Kyrgyzstan: Power vacuum creates uncertainty and grab for top jobs
Nobody seems certain about President Jeenbekov's whereabouts.
Opposition forces in Kyrgyzstan were stunningly rapid in seizing key government buildings, something that happened hours after police attempted to break up a protest rally, but they are proving less enthused about taking over a country deep in the throes of instability and economic crisis.
Meanwhile, President Sooronbai Jeenbekov, who fled the premises of the White House government headquarters in downtown Bishkek in the early hours of October 6, emerged only briefly to make a video statement calling for calm. His precise whereabouts were unclear.
“Last night, certain political forces tried to illegally seize power,” a grim-faced Jeenbekov said. “Using the results of the [October 4] election as a pretext, they disrupted public order, disrupted the peace of their fellow city-dwellers. They disobeyed law enforcement officers, assaulted medics and damaged buildings.”
His claim to wield power over the country looked paper thin, however.
Not that anybody was in any rush to replace him. As day broke, people came forward and essentially self-appointed themselves to some important state ranks.
Almambet Shykmamatov, a candidate with the Bir Bol party, announced to the media that he was the acting General Prosecutor. Nobody quite knows who gave him the authority to claim that title. Toward the middle of the morning, a large crowd headed to the offices of the General Prosecutor, apparently to take issue with his appointment.
Shykmamatov then rowed back his claim to the prosecutor’s job.
“I want to clear up this issue. Nobody appointed me prosecutor general, I was not the prosecutor general. I only visited the Prosecutor General's Office,” he said.
It was announced instead that another man, Syimyk Zhapykeyev, the leader of the Chon Kazat party, would do the job instead.
When Kurmanbek Bakiyev was toppled as president on April 7, 2010, his foes were quick to form an interim government within the day. Nothing like that has happened on this occasion – not least since nobody knows if Jeenbekov has truly been overthrown.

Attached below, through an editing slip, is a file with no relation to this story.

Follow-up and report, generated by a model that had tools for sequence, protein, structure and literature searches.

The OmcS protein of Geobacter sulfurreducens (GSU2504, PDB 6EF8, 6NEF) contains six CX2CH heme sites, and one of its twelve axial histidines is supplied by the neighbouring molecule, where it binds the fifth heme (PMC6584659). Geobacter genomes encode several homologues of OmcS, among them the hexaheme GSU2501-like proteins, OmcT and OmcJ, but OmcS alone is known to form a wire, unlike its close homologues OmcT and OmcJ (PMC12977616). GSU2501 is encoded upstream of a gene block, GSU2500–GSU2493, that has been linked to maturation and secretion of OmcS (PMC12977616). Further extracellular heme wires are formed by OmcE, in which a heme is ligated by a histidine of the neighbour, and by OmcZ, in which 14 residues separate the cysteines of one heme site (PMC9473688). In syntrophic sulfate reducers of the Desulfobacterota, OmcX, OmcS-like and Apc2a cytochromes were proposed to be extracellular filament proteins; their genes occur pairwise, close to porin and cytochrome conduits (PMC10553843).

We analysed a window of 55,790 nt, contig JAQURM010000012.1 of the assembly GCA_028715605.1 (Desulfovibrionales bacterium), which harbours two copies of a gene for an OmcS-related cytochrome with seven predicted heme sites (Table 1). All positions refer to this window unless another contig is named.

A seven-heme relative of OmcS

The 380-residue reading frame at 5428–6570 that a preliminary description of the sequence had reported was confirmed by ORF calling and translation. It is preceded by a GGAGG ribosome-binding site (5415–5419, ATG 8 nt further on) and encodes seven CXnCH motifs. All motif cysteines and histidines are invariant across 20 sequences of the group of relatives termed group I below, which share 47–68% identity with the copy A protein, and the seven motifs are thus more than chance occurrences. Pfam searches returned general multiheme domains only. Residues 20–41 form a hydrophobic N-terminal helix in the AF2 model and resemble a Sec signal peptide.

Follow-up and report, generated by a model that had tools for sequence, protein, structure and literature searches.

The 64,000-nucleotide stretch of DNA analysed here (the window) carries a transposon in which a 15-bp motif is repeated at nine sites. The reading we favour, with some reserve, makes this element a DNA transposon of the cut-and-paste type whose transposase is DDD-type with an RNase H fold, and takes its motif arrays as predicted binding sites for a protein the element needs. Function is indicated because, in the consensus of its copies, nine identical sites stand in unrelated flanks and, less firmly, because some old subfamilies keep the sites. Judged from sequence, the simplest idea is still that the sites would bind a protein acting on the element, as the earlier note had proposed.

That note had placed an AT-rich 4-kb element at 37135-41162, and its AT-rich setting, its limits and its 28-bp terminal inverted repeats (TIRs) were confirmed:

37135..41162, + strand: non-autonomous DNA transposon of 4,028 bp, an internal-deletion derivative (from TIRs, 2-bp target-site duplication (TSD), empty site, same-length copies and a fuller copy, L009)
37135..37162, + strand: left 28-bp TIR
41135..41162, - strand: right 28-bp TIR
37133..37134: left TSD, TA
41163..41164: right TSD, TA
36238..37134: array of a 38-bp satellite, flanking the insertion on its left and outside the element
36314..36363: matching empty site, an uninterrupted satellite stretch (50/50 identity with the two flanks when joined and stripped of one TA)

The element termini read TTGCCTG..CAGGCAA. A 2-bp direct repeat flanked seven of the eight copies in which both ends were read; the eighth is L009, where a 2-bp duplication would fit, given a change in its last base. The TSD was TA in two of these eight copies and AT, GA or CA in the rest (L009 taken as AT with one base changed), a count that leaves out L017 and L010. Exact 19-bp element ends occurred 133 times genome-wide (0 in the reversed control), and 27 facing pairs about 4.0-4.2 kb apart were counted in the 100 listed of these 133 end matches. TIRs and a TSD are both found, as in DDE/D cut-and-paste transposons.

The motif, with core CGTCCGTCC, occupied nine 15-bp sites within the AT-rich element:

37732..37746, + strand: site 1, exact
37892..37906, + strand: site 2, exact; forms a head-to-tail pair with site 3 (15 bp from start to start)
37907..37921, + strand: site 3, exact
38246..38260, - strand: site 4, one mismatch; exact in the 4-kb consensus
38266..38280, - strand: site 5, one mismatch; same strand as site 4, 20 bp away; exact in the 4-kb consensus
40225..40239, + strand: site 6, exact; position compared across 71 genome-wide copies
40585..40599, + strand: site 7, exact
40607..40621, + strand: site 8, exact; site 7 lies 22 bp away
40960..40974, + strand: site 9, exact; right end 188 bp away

Instead, a group of leaders of political parties – including Ata Meken, Respublika, Butun Kyrgyzstan, Bir Bol, Zamandash, and the Social Democratic Party of Kyrgyzstan – instituted something called a Coordinating Council.
Butun Kyrgyzstan leader Adakhan Madumarov, a relic of the Bakiyev regime, was named head of that body.
“Today, the most unpleasant thing is to be responsible for something. They proposed my candidacy and I will in turn do everything in my power to stabilize the situation,” Madumarov was quoted as saying.
He will have his work cut out. The night before saw an orgy of fighting between police and demonstrators. Health officials said 164 people were hospitalized with injuries. One 19-year-old man was killed.
Madumarov said he had not yet spoken with Jeenbekov.
“We do not even know where this man is,” he was quoted as saying by RFE/RL’s Kyrgyz service, Radio Azattyk.
The power vacuum is causing uncertainty in the regions too. Most attention will be concentrated on the southern regions of Kyrgyzstan. It is there where most informal influence is wielded by Jeenbekov, but perhaps even more importantly, Rayimbek Matraimov, a wealthy former top customs official who is said to have bankrolled Mekenim Kyrgyzstan, the party that performed most strongly in the now-discredited October 4 parliamentary elections.